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Retained Deciduous Teeth in Cats

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Retained Baby Teeth in Cats

 

A retained or persistent deciduous (baby) tooth is one that is still present despite the eruption of the permanent tooth (which takes place between three to sevens months of age). Such teeth may go undiagnosed until later in life.

 

Persistent deciduous teeth can cause the permanent teeth to erupt in abnormal positions, resulting in a bad bite. The “bite” describes how the upper and lower teeth fit together in the mouth and can have a significant effect on biting and chewing. Early recognition and reparative dental care is essential. Retained teeth can cause overcrowding of new teeth,  teeth to bite into the palate, and abnormal tooth position or abnormal jaw position.

 

Symptoms and Types

 

  • Bad breath (halitosis)
  • Abnormally-positioned permanent teeth
  • Swollen, red, bleeding gums around baby teeth
  • Local gingivitis and periodontal disease due to teeth overcrowding
  • A permanent abnormal passageway between the mouth and nasal cavity (oronasal fistula)

 

Causes

 

None identified.

 

Diagnosis

 

Your veterinarian will perform a complete physical exam, which will include inspecting your cat's mouth. Your veterinarian will chart the teeth present in the mouth to assure and record the presence of deciduous (baby) teeth along with the teeth that have succesfully grown in. X-rays of the inside of the mouth may also need to be taken to make certain which teeth are baby teeth and which are permanent teeth, to see if the baby tooth is ready to fall out or be removed, and to make sure that the baby tooth has a permanent tooth to replace it.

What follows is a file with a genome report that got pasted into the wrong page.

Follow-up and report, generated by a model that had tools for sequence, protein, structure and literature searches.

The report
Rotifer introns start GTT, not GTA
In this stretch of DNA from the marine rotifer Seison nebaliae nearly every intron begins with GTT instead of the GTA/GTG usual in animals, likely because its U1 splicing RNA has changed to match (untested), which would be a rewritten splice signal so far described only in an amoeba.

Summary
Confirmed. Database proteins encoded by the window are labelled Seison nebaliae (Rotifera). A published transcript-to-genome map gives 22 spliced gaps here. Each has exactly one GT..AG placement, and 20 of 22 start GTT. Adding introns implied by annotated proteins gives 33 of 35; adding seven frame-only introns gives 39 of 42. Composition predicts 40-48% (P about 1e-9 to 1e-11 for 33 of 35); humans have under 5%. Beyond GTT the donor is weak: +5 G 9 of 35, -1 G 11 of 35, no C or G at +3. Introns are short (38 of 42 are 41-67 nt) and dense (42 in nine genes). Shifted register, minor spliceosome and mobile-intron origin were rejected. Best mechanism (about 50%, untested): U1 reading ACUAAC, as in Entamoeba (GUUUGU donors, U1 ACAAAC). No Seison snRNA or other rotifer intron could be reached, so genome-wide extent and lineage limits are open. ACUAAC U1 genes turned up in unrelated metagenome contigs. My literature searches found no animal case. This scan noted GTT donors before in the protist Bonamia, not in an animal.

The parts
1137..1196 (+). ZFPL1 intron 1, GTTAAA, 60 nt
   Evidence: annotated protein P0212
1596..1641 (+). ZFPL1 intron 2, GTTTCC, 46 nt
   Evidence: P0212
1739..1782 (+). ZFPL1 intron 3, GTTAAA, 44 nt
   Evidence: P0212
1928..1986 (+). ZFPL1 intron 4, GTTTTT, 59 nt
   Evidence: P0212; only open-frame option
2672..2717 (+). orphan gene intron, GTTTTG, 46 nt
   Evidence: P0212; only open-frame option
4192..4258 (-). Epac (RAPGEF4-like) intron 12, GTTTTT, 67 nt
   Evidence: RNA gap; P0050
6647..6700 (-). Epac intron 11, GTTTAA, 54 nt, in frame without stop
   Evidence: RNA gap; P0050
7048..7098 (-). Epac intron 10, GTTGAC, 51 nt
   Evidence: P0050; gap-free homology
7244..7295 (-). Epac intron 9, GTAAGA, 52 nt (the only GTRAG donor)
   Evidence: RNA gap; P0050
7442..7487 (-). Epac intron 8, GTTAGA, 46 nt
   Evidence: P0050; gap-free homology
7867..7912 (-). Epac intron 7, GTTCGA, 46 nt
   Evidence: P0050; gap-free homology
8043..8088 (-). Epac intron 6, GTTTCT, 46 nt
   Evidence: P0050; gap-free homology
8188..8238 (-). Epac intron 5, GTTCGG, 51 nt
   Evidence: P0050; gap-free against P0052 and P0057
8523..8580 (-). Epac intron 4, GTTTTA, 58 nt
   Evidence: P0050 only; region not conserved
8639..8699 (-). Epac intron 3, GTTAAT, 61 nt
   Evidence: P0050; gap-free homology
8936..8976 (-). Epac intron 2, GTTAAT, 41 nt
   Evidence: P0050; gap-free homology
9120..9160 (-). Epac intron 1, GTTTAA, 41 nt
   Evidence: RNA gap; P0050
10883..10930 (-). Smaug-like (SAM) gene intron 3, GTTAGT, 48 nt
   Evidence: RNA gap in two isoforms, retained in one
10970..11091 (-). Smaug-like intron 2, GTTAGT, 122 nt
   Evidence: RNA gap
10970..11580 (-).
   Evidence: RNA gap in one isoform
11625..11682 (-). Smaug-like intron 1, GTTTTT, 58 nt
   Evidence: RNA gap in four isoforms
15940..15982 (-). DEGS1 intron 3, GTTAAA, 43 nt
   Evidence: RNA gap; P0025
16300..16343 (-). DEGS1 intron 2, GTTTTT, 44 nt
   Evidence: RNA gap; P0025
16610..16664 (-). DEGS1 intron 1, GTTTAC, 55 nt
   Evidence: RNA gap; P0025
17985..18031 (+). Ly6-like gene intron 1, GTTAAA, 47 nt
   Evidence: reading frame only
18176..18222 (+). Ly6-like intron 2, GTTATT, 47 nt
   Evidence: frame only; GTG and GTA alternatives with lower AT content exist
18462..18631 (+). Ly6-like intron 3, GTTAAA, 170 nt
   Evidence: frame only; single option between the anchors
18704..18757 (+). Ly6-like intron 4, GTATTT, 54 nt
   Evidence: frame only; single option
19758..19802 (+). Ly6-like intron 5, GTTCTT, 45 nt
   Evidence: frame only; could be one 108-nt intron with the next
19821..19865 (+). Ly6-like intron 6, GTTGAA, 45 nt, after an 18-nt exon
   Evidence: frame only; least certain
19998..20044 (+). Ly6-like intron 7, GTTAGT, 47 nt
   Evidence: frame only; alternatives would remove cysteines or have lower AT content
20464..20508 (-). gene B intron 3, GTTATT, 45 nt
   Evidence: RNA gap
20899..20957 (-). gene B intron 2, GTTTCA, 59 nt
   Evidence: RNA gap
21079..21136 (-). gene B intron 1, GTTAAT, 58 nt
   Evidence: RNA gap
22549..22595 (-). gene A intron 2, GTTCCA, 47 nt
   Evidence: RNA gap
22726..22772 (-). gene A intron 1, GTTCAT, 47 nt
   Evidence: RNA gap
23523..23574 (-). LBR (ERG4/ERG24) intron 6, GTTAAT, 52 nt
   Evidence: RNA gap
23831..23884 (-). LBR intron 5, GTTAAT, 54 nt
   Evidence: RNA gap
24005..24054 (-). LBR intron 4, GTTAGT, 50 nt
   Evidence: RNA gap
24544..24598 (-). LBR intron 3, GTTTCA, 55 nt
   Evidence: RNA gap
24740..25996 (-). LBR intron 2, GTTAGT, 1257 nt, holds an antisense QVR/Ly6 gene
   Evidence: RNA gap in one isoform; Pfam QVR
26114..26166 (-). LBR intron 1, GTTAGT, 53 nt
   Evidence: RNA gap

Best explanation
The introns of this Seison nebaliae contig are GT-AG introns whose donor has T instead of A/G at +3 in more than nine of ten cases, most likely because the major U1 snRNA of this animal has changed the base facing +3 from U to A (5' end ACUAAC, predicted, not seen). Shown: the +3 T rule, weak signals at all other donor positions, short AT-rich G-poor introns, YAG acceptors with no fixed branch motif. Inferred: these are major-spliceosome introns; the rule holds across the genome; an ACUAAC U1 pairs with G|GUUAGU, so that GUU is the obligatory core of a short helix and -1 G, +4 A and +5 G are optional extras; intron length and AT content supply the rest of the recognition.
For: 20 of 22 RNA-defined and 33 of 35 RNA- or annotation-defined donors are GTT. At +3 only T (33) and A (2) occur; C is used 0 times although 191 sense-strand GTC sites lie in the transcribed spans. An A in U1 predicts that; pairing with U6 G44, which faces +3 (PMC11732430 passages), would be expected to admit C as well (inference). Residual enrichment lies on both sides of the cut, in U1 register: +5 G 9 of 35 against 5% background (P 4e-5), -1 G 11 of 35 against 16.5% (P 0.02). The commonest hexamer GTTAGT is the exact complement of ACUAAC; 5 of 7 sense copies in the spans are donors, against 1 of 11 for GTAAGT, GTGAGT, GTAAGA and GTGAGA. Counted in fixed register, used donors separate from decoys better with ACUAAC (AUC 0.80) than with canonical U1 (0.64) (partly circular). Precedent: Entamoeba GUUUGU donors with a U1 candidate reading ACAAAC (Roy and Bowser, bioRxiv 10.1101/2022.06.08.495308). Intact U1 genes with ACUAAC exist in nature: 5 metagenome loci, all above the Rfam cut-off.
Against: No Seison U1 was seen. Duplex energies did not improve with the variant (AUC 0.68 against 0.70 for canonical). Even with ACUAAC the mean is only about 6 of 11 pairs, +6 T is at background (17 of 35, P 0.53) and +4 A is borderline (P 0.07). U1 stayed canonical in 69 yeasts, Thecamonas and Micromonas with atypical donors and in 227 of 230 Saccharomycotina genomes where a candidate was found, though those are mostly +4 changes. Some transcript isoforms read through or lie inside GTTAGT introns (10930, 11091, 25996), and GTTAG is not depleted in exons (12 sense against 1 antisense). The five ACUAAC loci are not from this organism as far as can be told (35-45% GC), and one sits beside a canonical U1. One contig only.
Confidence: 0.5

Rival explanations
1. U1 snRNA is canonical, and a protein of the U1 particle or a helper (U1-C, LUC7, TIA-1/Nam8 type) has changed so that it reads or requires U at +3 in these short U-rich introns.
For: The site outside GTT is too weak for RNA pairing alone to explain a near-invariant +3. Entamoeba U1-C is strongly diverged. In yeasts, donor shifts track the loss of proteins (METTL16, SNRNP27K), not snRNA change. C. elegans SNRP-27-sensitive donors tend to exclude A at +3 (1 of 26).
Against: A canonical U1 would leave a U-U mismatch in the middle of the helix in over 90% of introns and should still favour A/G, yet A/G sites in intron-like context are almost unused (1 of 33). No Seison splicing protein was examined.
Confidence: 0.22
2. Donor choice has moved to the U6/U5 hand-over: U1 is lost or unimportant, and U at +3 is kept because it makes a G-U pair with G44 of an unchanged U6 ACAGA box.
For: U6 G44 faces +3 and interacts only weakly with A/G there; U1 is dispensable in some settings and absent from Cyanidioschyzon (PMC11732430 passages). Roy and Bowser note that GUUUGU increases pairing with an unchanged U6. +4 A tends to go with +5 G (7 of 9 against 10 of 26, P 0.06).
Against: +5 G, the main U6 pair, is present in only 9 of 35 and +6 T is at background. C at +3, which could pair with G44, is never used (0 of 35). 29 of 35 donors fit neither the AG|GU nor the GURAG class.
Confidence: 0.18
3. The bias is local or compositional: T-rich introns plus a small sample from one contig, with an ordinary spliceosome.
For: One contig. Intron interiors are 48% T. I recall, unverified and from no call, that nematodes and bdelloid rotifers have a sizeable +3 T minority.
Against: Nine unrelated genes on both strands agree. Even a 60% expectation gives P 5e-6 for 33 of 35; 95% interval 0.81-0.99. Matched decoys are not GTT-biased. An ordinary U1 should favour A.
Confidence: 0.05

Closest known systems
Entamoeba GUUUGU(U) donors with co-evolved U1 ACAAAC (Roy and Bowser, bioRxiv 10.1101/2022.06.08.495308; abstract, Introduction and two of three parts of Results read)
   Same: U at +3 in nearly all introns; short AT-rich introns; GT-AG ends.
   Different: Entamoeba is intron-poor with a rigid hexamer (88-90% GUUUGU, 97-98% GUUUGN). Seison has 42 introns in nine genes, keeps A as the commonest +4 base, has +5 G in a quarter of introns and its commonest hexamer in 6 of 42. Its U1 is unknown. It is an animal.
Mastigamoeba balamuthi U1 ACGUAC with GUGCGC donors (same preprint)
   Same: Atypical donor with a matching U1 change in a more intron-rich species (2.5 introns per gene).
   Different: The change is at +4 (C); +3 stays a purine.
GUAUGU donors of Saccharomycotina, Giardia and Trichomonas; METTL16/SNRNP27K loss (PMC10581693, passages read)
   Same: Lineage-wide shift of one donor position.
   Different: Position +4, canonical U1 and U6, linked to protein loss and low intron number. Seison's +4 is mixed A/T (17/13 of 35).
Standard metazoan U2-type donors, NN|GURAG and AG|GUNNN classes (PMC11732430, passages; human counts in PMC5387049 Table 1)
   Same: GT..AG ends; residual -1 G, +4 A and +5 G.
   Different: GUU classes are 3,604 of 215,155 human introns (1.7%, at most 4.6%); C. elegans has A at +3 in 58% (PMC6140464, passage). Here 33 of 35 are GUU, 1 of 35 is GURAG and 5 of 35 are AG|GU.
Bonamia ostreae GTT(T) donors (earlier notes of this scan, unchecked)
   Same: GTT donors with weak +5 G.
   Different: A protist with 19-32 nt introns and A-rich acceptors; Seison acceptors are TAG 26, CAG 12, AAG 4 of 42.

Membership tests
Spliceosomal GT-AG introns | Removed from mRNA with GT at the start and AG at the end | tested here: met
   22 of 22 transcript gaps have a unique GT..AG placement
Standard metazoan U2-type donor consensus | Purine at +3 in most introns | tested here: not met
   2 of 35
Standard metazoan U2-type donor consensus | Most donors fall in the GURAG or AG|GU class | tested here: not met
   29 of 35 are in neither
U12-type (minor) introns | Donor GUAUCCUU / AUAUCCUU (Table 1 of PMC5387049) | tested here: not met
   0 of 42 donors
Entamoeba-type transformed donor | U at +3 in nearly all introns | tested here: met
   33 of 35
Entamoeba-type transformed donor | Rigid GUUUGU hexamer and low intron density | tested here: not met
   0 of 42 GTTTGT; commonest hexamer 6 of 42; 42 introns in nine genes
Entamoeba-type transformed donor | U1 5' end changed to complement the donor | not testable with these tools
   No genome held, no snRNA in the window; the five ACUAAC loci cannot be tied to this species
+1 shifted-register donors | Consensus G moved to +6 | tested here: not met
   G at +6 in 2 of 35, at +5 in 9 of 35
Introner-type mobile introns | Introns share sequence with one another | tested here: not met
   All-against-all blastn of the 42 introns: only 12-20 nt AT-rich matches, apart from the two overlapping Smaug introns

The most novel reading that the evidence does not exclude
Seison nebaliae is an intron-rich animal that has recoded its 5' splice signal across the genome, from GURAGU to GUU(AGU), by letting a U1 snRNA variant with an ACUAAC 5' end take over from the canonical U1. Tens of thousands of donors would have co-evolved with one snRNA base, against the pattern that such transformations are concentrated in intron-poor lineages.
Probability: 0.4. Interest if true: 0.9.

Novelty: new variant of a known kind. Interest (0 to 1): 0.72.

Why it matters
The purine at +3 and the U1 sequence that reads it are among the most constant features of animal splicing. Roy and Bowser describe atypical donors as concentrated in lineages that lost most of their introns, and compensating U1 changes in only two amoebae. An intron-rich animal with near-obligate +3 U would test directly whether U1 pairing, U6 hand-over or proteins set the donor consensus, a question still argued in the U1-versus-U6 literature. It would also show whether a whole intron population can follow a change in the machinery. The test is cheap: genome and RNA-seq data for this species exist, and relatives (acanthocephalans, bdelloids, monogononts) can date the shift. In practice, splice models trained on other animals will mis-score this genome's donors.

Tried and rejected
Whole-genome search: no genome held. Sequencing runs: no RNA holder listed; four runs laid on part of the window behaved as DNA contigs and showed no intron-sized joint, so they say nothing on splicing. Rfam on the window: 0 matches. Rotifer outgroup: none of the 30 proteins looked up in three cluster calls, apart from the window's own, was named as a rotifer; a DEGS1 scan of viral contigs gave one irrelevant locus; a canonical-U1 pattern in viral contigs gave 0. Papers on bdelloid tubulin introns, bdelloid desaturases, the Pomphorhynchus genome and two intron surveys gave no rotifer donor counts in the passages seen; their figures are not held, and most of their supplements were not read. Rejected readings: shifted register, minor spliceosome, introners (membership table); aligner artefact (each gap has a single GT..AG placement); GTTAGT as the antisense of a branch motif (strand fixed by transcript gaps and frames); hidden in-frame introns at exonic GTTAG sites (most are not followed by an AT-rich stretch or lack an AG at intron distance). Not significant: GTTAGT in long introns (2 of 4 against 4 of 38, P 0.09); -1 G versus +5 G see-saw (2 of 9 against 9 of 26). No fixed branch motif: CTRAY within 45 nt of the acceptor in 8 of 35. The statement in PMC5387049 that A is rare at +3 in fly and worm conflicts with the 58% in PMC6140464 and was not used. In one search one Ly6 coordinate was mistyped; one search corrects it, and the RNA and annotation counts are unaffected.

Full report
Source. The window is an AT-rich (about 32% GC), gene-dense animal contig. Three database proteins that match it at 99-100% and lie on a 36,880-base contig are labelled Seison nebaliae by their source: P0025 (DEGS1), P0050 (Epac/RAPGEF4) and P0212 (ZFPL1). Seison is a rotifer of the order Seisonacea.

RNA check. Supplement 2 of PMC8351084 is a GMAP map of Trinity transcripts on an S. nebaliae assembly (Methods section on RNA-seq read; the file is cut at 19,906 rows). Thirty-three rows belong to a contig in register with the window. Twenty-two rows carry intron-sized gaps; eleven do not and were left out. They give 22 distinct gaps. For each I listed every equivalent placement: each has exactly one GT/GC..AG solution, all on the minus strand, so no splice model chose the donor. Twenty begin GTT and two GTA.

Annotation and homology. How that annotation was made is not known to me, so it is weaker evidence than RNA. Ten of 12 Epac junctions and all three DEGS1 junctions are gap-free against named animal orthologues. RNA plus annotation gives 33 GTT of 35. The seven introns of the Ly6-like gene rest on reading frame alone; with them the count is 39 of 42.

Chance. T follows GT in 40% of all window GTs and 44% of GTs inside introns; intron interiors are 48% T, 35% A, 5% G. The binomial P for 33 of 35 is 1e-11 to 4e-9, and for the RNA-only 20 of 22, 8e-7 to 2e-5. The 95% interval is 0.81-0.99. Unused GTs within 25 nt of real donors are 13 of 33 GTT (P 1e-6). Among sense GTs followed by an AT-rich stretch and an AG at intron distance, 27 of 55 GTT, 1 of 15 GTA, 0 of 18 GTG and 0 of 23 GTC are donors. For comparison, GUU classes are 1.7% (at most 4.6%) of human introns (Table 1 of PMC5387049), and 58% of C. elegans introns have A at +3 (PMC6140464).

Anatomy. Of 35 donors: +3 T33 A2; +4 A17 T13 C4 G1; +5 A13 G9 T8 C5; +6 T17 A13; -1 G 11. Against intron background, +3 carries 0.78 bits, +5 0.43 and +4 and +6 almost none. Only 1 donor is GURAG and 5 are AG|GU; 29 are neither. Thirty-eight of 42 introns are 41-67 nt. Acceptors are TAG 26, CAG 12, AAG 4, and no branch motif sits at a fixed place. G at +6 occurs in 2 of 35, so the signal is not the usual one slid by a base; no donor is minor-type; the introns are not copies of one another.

Treatment

 

The deciduous (baby) tooth should be surgically removed as soon as the permanent tooth has begun pushing through your cat’s gums. In addition, fractured or retained root(s) may need to be removed with a gingival flap -- a procedure in which the gums are separated from the teeth and folded back to allow a veterinarian to reach the root of the tooth and the bone.

 

Living and Management

 

After surgery, restrict your cat’s activity for the rest of the day. Feed him or her a soft diet—canned or moistened dry kibble—as well as restrict its access to chew toys for 24 hours after surgery.

 

Your veterinarian will provide you with oral pain medication to give to your pet for one to three days after surgery. You may also be asked to administer an oral rinse or gel in your pet's mouth for three to five days after surgery. Daily brushing, meanwhile, should commence 24 hours after brushing.

 

 

 

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